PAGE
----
WE HAVE ALL HAD THAT DREAM. The one where you wander through a huge villa, sun streaming through the window and head to the double Jacuzzi with a cocktail in your hand. Hayokra know that dream which is why they are able to offer magnificent villas in Israel such as the Kaza Miya Estate in Moshav Nativ Hashayara in the western Galilee. With four luxurious suites – each has a King size double room – five bathrooms – and a dining room for 20 with the finest tableware, it isn’t hard to picture the kind of

fantastic family holiday you would have there. There’s a 65 inch TV with a home theatre system to keep everyone entertained inside while outside lies the pool (heated in winter) and some seriously comfortable garden furniture. And it gets better. Next to the courtyard are horse stables, so guests can go riding – possibly in the direction of a nearby gourmet restaurant, the beach, Keshet Cave or Rosh Hanikra. With a synagogue a few minutes walk away and meals and spa treatments that can be ordered in advance, it’s hard to imagine

anywhere better to go for a family, group or business event – other than say, Villa Villagio set in landscaped garden with its’ breathtaking views of the Sea of Galilee. Vilaggio has eight large and luxurious four-level suites, including a double bed with an orthopedic mattress, mini bar fridge, satin leather armchairs and a huge 60-inch LCD TV. The heated pool at 11 metres is exceptionally large and surrounded by sun beds, so there is no worry about where to lie down after stepping out of the dry Finnish sauna.

There is even a Hurricane Higgins – size snooker table next to the pool which twinkles at night due to carefully- placed lighting. Oh and let’s not forget the karaoke bar with professional amplification system. With enough room to accommodate 70 guests at a party, Villa Villagio is the perfect venue, unless it’s Kaza Miya. Hayokra will let you know. www.hayokra.co.il


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31 January 2019 Jewish News



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Jewish News 31 January 2019

Travel / Sun seder




A different kind of

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31 January 2019 Jewish News T19



Jewish News 31 January 2019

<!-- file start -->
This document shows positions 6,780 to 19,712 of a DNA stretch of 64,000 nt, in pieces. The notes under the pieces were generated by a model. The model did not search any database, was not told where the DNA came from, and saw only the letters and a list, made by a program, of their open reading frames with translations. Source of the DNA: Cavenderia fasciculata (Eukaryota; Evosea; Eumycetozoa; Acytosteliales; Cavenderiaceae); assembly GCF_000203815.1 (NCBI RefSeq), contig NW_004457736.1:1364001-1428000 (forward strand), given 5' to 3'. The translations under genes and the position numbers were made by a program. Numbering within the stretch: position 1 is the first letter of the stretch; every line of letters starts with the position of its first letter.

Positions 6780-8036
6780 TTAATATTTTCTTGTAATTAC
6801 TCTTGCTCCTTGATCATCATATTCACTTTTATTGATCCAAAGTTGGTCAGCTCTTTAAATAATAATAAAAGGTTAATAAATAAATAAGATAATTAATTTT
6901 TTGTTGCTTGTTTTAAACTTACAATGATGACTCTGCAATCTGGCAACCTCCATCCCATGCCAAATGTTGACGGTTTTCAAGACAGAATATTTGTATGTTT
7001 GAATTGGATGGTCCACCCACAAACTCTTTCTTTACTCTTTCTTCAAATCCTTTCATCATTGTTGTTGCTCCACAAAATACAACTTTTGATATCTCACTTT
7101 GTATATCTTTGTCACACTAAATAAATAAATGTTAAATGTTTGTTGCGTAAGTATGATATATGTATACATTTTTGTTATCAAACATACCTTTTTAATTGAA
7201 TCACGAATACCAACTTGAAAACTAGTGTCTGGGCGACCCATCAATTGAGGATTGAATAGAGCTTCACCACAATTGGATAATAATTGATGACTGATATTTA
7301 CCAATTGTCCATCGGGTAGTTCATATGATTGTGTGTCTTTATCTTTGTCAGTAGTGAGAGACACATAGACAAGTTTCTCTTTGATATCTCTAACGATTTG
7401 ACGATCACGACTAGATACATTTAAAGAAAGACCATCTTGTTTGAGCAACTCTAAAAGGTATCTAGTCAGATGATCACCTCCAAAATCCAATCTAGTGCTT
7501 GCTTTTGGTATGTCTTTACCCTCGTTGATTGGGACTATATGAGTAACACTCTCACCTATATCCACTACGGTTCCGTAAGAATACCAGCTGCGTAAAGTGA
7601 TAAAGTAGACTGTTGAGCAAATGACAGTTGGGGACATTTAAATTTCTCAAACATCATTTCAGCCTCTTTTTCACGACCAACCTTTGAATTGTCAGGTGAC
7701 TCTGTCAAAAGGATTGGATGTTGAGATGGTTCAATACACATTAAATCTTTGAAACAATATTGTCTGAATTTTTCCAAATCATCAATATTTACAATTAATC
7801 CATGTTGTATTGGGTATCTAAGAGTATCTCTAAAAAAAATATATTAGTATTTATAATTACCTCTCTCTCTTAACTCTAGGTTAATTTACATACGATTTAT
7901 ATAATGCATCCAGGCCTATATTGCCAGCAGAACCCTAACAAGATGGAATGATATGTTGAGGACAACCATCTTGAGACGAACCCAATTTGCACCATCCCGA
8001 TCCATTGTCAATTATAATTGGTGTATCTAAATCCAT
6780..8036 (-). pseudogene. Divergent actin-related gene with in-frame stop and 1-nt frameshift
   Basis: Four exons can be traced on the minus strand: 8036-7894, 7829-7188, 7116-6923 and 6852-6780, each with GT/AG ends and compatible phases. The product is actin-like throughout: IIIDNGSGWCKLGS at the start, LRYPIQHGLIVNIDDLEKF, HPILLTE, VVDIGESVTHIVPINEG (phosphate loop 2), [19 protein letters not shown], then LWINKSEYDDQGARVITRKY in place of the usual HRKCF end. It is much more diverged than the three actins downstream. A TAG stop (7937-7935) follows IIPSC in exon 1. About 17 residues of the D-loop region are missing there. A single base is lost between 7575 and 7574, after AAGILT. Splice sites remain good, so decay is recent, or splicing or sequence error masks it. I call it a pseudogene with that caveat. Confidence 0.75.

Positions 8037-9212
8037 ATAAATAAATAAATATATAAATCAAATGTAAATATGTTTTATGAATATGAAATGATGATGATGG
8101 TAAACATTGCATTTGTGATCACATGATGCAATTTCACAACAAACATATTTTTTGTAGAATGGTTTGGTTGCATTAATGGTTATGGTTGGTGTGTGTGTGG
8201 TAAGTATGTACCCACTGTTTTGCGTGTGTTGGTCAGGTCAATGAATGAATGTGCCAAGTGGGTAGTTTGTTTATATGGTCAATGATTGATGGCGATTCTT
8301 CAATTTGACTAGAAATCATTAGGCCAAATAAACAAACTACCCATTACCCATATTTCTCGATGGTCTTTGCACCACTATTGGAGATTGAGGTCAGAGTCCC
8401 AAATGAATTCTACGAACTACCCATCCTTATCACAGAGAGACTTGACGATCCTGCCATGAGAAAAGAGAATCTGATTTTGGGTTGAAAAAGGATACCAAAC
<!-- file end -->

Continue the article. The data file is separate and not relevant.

Travel / Croatia

Unexpected CROATIA Louisa and Simon Walters had a blissful time off the beaten track in the Balkans


roatia’s popularity as a holiday destination has been growing steadily since 2013 when it joined the EU. The 11pm curfew on outdoor music in Ibiza has also raised the appeal of the summer-long music festivals on the Dalmatian coast. But with popularity comes predictability, and a trip to Croatia always includes Dubrovnik, Split or Hvar. But it doesn’t have to. Last summer, we toured the northern and less-explored part of this beautiful country, a region known for its hilltop towns, magnificent countryside, Italian influence and, in August, the truffle season. But first, a little culture in the form of the city of Zadar. An easy two-hour flight from London, Zadar is a delightful, unspoilt, uncommercialised city, full of charm, which completely comes alive at night. We stayed at Hotel Bastion, from where we ambled through the streets past the Sea Gate and the Land Gate, a square with five fountains that once supplied water to the city, and the imposing Church of St Donatus, now used for concerts. We chanced upon an Andy Warhol retrospective at the Rector’s Palace and a surprising number of really good menswear shops. There are loads of outdoor bars and lounges, which create a superb buzz, and lots of places for ice cream. Best of all is the unique ‘sea organ’ – a construction of stone pipes under the sea causing the water to play music. Crowds gather there at sunset and it’s magical. At Pet Bunara restaurant, on a perfect-for-people-watching terrace